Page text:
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View Diary: NYT: It's Krugman Vs. Reinhart & Rogoff, Who Trivialize Their Incompetence And Attack “Left” (246 comments)

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  •  OT, but mention of selectively excluding data (8+ / 0-)

    reminds me of the case of Ancel Keys who in a cross cultural analysis made the link between cholesterol and death from heart disease, which led to big nutritional policy decisions at the Federal level.  Problem was he left out a bunch of countries, which if included in his analysis, would have shown no relationship.  

    The trouble with the world is that the stupid are cocksure and the intelligent are full of doubt. Bertrand Russell

    by accumbens on Fri Apr 26, 2013 at 07:16:14 AM PDT

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    •  A link to something ... (1+ / 0-)
      Recommended by:
      joanneleon

      ... would be helpful. I'm interested. Thanks.

      •  My source is Gary Taubes' book, "Good Calories, (1+ / 0-)
        Recommended by:
        joanneleon

        Bad Calories."  He's got a more recent book, "Why We Get Fat," but I don't know if the Ancel Keys story made it to that one.  If you google "Gary Taubes" and "Ancel Keys" you will probably come up with more about it.

        Basically, in his landmark paper, Keys used data from 6 or 7 countries, but had data from over 20 countries.  He saw a relationship between cholesterol and mortality from heart disease with the 6/7, but, when the data were re-analyed using the 20+, the relationship vanishes.  

        The trouble with the world is that the stupid are cocksure and the intelligent are full of doubt. Bertrand Russell

        by accumbens on Fri Apr 26, 2013 at 09:25:06 AM PDT

        [ Parent ]

        •  Taubes isn't objective either (0+ / 0-)

          He's a persistent advocate for the view that sugar, not fats, is the main culprit in heart disease and obesity as well as diabetes. And he is a reporter and writer, not a scientist in his own right.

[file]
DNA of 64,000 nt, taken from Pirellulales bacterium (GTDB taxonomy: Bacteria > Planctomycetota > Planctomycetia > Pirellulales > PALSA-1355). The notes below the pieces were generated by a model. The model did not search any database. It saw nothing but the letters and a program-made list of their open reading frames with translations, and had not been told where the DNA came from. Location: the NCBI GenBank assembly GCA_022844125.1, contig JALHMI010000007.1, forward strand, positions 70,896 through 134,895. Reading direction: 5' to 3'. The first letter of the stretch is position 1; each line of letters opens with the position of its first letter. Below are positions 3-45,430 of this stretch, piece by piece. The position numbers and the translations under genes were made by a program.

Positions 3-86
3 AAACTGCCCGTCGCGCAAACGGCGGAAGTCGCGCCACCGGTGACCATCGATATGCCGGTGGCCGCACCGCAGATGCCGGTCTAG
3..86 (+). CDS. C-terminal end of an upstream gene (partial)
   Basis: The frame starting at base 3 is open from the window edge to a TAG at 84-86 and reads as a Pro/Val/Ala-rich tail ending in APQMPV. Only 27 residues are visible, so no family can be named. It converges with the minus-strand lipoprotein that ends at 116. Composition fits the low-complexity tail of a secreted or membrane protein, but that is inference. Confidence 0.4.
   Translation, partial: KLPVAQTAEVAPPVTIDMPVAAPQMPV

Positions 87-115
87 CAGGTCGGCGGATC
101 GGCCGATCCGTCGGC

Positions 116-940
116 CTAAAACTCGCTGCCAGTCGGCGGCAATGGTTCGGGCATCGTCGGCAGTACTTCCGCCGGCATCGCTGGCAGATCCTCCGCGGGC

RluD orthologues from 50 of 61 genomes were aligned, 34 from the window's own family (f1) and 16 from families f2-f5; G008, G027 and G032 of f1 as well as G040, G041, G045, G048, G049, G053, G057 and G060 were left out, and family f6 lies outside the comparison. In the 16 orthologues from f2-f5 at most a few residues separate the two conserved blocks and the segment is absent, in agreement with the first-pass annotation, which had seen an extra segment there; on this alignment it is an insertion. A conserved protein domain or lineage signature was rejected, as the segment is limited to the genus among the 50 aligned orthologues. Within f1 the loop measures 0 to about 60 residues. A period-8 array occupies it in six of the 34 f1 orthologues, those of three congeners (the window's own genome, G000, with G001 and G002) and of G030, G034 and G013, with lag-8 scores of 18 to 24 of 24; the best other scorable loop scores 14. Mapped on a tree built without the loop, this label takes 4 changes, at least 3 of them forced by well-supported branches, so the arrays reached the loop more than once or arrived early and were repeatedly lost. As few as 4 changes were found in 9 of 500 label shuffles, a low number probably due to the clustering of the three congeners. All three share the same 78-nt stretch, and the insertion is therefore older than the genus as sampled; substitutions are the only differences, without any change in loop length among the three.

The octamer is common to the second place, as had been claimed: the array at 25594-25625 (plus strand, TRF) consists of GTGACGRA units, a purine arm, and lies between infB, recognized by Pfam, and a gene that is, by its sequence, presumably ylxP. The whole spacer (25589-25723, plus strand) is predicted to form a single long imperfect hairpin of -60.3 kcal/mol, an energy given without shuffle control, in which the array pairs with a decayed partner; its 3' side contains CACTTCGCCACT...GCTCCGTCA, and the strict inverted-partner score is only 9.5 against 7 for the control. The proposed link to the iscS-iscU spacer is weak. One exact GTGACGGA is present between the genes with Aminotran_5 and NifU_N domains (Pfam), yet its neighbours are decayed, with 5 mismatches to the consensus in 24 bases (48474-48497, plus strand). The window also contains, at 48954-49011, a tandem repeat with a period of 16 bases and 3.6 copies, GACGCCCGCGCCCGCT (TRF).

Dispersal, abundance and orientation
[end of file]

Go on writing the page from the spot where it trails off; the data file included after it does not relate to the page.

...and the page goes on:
That doesn't make his writing inaccurate; but it does make me take what he writes and then look for the other side of the argument.

          •  I know the science myself and worked in this (2+ / 0-)
            Recommended by:
            joanneleon, BradyB

            field (mostly on the obesity side) for over 35 years.  I think Taubes' knowledge in this area is as good as anyone's and consider his first book a tour de force.  I don't agree with the details of the biochemical mechanism he thinks is important for obesity, and thinks he misses the boat by largely ignoring the role and mechanism of overeating, but I do believe he's got as good a grasp as anyone.  And I think he's pretty well regarded.  He gave an invited talk sponsored by the Diabetes and Obesity Center at University of Pennsylvania a couple of years ago and was taken seriously.  And they weren't being polite.

            That's my take.  Besides, whether he's an advocate for low-carb diets doesn't make him wrong about Keys.

            The trouble with the world is that the stupid are cocksure and the intelligent are full of doubt. Bertrand Russell

            by accumbens on Fri Apr 26, 2013 at 01:07:43 PM PDT

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